The purpose of this list in Schedule "B" is NOT to provide your creditors a shopping list of things to go after. Quite the opposite, the purpose is to show what they CANNOT go after. This is because all of this listed property is exempted one schedule later in Schedule "C". In this way, your bankruptcy petition sets out what you get to keep, not what you must lose.

This all being said, the value of property owned by a debtor may sometimes exceed the exemptions, especially when it comes to the value of homes. In these case, Chapter 13 bankruptcy will still be an option. You will still be able to keep all of your property. You may, however, be required to make a repayment to some creditors. This can all be discussed in a free consultation. Contact us to set one up today.

I often tell my clients who are afraid they will lose something of value that, "I am not in the business of losing property of my clients." This is very true, but in order to be so, we need to list your property first. We list it so you can keep it!

Bankruptcy and Valentine's Day

What do bankruptcy and Valentine's Day have in common!?

Absolutely nothing!

That being the case, here are a couple far-flung things to keep in mind:

  • If you are preparing to file an individual bankruptcy, don't elope right before filing. The bankruptcy court will look at joint marital income in determining how much, if anything, you must repay your creditors. The amount is adjusted for household size, but a married couple may only earn $10,007.00 more than an individual (assuming it is a household of two). So, if your dear Valentine has a job, it could push you out of a Chapter 7 bankruptcy into a Chapter 13 bankruptcy, which would result in you repaying your creditors. On the other hand, if they do NOT have a job, it could get you below the threshold. Let true love (and the median income charts) be your guide!
  • Large credit card purchases in the 90 days before filing bankruptcy can also cause a problem. A large Valentine's Day gift of over $500 may be an issue, and could prevent you from filing immediately. These purchases could be challenged as "abusive". If the generosity of true love cannot wait another moment, by all means... But, if it can wait, you should!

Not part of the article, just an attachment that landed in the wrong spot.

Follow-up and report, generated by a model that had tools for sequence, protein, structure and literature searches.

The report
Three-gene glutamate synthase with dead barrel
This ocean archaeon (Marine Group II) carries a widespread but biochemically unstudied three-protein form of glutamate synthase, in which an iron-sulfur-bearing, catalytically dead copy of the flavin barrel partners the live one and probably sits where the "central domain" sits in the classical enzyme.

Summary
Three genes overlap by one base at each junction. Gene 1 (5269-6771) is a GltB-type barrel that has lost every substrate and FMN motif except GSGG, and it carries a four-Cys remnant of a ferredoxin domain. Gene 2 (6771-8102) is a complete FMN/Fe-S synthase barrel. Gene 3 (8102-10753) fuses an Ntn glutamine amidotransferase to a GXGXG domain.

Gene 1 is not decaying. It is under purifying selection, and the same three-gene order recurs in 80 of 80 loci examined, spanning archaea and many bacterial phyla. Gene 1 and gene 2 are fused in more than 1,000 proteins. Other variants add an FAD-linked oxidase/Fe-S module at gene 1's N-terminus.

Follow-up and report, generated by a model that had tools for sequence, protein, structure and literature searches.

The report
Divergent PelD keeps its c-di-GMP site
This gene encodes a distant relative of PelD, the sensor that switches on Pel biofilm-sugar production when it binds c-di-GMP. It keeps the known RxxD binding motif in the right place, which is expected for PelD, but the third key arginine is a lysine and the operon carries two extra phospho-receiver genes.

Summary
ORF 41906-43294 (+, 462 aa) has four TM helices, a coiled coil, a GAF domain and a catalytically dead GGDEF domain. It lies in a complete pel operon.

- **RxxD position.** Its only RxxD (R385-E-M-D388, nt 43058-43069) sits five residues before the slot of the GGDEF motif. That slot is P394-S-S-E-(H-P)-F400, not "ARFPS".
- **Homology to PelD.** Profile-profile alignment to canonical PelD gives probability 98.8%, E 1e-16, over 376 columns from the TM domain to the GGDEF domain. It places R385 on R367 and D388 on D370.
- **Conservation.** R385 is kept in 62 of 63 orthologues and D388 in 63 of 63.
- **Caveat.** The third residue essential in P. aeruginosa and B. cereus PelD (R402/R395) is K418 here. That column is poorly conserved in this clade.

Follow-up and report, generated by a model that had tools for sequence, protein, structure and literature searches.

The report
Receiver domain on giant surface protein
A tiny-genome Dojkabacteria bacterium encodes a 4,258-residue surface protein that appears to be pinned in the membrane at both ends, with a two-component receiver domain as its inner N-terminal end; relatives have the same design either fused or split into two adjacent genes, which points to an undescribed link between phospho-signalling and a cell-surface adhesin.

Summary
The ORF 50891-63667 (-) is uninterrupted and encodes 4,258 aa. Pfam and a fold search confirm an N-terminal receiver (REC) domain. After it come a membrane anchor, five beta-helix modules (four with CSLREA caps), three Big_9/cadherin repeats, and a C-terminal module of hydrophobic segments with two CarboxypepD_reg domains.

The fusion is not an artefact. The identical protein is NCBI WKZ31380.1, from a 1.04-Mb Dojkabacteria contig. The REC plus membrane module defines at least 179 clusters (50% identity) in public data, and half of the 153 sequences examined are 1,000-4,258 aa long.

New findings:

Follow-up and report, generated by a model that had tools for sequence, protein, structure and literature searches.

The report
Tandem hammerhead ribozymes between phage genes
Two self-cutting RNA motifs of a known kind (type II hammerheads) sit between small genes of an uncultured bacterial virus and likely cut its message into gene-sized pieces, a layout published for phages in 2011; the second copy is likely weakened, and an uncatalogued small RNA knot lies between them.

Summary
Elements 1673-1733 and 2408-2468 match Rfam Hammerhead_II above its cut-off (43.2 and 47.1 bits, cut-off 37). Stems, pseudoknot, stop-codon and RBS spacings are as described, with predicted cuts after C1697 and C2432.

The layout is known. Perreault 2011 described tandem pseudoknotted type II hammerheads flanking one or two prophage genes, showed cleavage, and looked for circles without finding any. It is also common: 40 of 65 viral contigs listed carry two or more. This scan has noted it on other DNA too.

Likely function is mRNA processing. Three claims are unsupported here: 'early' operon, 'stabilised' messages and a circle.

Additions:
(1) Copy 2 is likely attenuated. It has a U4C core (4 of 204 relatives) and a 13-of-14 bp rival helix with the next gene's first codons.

• Valentine's Day jewelry is exemptable under the Bankruptcy Code! There is a $1,600.00 Federal exemption per filer for jewelry, which should  cover all but the most lavish Valentine's Day gifts. Seeing as the value of jewelry drops quickly once purchased, and sentimental value is not taken into account, few gifts should present a problem.
  • Cheaper, less thoughtful gifts are fully exempted! Cards, flowers, candy, edible arrangements, etc., are all worthless from a bankruptcy perspective... but not for your heart! Gift away!

Have a great Valentine's Day!

Don't Transfer Property Before Filing Bankruptcy!

A big mistake people can make before filing bankruptcy is to transfer property to a friend or relative for less than full value before a bankruptcy. This could potentially be viewed as a fraudulent transfer. If you are considering filing a bankruptcy, make sure not to transfer property before speaking with a bankruptcy attorney.

Why is this an issue? Bankruptcy law allows you to exempt or protect personal property when filing. The purpose of the bankruptcy exemptions is to allow a true fresh start by permitting the debtor to keep property necessary to make a living and get back on their feet. However, these exemptions are not unlimited. While the exemptions are sufficient to protect the value of most debtor property, sometimes they do not protect everything.

This is potentially a problem for debtors who own their home outright or owe very little. This is more often the case with older clients who have been paying down their home for decades. Individual debtors may only protect $23,675.00 in equity in their home (joint debtors up to $47,350.00). If your home exceeds these limits, you would need to repay money through a Chapter 13 bankruptcy, and Chapter 7 bankruptcy will no longer be an option.

Some individuals think a way around this is to transfer the property to a friend or family member before filing. The Bankruptcy Court will not allow this. In fact, if you filed a bankruptcy after such a transfer, the Court can actually un-do the transaction. Most Trustees will ask if you have transferred property in the last 4 years before filing, and you are required to answer truthfully under the penalty of perjury. Trustees may also do property searches and look back even further. The bankruptcy petition specifically asks if you have transferred property into a self-settled trust in the last 10 years. In any case, you do not want to attempt to hide such a transfer.

It's safest to avoid all transfers of property in the months (and even years) leading up to a bankruptcy, even small, innocuous transfers. If you have transferred property, it may be transferred back before filing. Or, a Chapter 13 bankruptcy can be filed on the property as if it had never been handed over in the first place. When in doubt, hold on to the property until speaking with a bankruptcy attorney. There are options if property has been transferred, but it could make things difficult.

Contact us to set up a free consultation and discuss how to properly protect your property..